StickyScrollView for Xamarin Android

ScrollViews are pretty useful when there is more content than space to display it. But through scrolling chances are high that the user loses track of context or title of the section, so it’s nice to have a sticky header/title that always stays at the top of the ScrollView.

Emil Sjölander created such a control (https://github.com/emilsjolander/StickyScrollViewItems/) for Java Android projects so I decided to port the control to C#. https://github.com/maltegoetz/StickyScrollViewXamarinAndroid

sticky22

The repository contains an example project with a simple StickyScrollView that has a LinearLayout with a few colored FrameLayouts children. One on the FrameLayouts is sticky.

Usage

Usage is pretty easy, you just need to copy the StickyScrollView.cs file to your project and the Attrs.xml file to the values folder of your project.

Replace the ScrollView with a StickyScrollview. From this:

<ScrollView
  xmlns:android="http://schemas.android.com/apk/res/android"
  android:layout_height="match_parent"
  android:layout_width="match_parent">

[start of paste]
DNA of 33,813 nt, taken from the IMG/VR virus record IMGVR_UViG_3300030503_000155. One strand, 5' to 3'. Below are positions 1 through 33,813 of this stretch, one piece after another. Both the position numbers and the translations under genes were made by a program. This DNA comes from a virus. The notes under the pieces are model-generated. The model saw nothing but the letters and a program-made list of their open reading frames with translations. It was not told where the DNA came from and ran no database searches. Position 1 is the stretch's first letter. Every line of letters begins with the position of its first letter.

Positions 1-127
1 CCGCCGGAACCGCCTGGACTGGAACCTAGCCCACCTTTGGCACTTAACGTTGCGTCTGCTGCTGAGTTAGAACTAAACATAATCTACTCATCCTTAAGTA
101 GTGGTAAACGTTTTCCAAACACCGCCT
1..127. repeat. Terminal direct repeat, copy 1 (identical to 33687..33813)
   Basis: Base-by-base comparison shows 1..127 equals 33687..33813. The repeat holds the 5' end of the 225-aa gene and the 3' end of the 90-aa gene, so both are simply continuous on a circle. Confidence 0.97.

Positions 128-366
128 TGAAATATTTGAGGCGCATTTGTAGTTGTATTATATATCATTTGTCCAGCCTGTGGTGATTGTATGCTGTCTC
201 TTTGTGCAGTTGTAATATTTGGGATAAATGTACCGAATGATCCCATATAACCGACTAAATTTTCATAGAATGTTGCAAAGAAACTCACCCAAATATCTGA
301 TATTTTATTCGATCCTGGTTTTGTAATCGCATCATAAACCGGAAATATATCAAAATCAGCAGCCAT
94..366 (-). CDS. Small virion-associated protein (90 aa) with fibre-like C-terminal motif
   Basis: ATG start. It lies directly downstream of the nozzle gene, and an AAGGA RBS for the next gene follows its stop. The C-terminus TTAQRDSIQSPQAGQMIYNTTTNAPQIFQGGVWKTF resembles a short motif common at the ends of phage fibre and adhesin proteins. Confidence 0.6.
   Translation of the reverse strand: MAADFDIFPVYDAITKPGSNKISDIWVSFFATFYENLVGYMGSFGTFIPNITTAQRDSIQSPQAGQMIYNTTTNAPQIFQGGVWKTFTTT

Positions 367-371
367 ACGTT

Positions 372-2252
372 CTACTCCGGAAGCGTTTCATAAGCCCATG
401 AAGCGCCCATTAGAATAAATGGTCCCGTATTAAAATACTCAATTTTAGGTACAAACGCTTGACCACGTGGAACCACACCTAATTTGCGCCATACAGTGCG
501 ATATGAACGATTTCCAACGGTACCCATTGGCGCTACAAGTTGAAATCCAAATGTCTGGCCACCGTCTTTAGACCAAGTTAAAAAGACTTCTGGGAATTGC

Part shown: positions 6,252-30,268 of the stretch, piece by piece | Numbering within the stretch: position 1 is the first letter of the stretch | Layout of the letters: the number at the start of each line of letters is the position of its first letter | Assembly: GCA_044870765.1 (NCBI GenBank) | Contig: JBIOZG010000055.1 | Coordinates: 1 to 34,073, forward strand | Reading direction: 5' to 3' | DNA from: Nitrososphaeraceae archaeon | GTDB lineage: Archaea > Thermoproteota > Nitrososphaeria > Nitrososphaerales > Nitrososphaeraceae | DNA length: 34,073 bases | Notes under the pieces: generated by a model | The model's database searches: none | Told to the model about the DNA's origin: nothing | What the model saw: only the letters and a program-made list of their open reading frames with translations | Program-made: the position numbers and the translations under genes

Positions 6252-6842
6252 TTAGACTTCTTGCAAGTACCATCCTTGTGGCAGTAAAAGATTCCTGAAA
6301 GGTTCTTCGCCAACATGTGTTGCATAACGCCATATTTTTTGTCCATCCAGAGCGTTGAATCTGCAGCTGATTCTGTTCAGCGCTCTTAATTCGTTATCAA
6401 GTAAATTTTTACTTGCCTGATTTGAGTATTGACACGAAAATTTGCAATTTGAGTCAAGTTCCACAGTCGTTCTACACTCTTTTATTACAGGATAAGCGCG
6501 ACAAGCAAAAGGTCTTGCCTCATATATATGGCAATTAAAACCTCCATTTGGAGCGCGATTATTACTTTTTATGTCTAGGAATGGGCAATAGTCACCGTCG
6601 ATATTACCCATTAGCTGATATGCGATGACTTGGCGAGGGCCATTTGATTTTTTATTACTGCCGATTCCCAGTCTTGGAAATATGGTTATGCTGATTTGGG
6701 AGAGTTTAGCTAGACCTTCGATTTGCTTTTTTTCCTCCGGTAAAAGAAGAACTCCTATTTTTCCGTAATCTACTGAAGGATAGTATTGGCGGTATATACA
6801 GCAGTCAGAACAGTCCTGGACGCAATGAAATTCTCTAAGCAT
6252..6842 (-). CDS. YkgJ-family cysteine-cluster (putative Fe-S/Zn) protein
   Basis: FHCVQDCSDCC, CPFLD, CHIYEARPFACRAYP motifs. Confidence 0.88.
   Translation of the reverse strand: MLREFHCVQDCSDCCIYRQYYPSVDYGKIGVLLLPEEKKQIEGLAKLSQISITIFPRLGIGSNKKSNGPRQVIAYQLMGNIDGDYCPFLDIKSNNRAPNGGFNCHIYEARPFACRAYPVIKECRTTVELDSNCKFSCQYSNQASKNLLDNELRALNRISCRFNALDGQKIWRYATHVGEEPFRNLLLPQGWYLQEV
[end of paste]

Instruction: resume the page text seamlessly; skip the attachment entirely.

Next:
<!-- scroll view child goes here -->
</ScrollView>

to

<namespacelowercase.StickyScrollView
  xmlns:android="http://schemas.android.com/apk/res/android"
  android:layout_height="match_parent"
  android:layout_width="match_parent">
    <!-- scroll view child goes here -->
</namespacelowercase.StickyScrollView>

The StickyScrollView inherits from ScrollView so you can only add one child but the child can have some more children. In this example I used a LinearLayout with a few views. One or more children can have an android:tag attribute with the value sticky, these will stick at the top of the ScrollView.

<namespacelowercase.StickyScrollView
  xmlns:android="http://schemas.android.com/apk/res/android"
  android:id="@+id/sticky_scroll"
  android:layout_height="match_parent"
  android:layout_width="match_parent">
    <LinearLayout
      android:layout_height="match_parent"
      android:layout_width="match_parent"
      android:orientation="horizontal">